Presented by Ibrahim Alabi, Data Science emphasis
Hybrid presentation: Attend in-person at Environmental Research Building Room 1127 or register to attend online via Zoom
In many parts of the world, the arrival of snow is not just a sign of changing seasons or a reason to reach for that cup of hot cocoa—it signifies the replenishment of a life-essential resource: water. Snow-dependent basins across the northern hemisphere currently serve an estimated 2 billion people. Therefore, accurately quantifying snow water equivalent (SWE) is paramount for water resource managers and the communities they serve. However, in-situ observations, while reliable, are logistically challenging, time-consuming, and impractical for extensive use. Consequently, remote sensing technologies have emerged as a viable alternative to ground-based measurements. Unlike in-situ measurements, remote sensing allows data collection over vast and remote areas, presenting a more complete picture of snowpack conditions. However, existing satellite technologies, such as passive microwave sensors, suffer from coarse resolution (~25 km), and optical remote sensing is weather-dependent and unable to penetrate dense forest cover. L-band Interferometric Synthetic Aperture Radar (InSAR), which operates at frequencies that penetrate cloud cover and tree canopy, emerges as a potential solution. My research aims to advance snow monitoring capabilities by applying state-of-the-art Machine Learning (ML) techniques to L-band InSAR data. With the anticipated launch of the NASA-ISRO SAR satellite in January 2024, this work has the potential to complement existing snow monitoring practices by facilitating cost-effective, high-resolution, and extensive snow data acquisition.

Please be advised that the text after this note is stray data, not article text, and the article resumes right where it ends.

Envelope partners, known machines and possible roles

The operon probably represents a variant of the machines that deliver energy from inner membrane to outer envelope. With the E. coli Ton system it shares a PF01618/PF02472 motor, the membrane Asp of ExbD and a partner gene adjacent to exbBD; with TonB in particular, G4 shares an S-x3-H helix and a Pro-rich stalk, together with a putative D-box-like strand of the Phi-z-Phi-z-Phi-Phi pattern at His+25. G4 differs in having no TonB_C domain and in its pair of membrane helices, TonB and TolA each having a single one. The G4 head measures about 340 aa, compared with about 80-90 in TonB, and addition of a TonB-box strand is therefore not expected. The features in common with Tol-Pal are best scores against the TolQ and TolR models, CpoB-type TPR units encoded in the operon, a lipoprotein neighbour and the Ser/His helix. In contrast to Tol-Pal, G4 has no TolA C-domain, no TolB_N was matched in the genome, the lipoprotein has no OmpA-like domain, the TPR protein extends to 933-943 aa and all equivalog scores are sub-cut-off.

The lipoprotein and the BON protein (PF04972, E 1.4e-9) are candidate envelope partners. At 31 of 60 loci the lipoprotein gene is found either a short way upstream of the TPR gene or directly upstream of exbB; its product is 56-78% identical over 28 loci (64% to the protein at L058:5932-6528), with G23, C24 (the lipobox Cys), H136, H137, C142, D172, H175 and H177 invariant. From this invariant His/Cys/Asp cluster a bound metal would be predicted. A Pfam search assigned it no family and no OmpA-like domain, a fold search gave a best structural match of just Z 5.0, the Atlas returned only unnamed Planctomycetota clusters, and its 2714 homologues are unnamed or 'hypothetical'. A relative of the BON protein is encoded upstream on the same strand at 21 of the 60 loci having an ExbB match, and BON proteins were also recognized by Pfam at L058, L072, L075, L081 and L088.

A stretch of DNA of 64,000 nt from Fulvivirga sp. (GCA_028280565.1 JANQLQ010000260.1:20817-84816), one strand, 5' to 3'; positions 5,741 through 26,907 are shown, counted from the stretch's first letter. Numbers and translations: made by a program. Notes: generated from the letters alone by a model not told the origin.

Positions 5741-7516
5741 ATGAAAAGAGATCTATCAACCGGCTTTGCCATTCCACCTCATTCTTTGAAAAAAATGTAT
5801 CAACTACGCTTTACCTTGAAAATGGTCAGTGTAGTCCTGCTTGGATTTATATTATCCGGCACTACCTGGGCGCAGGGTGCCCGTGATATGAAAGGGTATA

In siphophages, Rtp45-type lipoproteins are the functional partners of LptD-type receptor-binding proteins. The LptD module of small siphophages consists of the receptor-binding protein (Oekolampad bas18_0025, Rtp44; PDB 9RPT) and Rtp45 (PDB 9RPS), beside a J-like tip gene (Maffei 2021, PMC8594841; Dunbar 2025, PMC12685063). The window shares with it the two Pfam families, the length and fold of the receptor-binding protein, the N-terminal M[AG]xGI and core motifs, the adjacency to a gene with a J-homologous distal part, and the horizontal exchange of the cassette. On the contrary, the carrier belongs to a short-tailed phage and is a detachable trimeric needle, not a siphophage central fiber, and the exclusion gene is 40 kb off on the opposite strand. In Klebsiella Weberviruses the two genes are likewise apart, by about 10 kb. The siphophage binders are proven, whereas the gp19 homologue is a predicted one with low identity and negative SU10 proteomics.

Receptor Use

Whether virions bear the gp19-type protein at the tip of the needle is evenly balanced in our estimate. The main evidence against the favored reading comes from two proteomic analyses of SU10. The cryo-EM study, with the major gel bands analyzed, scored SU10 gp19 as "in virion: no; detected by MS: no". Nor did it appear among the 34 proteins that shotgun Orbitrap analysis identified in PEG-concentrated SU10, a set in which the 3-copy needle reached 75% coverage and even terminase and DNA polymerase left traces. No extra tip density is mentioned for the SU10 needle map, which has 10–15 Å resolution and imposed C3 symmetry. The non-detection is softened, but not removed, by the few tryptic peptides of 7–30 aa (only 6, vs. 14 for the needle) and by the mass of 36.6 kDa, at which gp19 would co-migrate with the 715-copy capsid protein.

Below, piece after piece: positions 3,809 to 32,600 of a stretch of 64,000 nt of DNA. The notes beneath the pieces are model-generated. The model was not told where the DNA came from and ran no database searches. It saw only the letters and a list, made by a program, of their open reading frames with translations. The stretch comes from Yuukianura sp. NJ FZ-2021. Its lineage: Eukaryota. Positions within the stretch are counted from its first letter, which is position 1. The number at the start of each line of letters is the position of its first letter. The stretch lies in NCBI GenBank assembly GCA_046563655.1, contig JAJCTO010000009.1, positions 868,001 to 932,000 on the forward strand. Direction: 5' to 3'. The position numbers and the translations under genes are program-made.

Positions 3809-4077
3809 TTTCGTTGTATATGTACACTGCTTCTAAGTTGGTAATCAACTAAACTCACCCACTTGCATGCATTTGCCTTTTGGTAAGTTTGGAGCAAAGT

Dr. Hans-Peter Marshall (Chair), Dr. Jodi Mead (Co-Chair), Dr. Kyungduk Ko, Dr. Ernesto Trujillo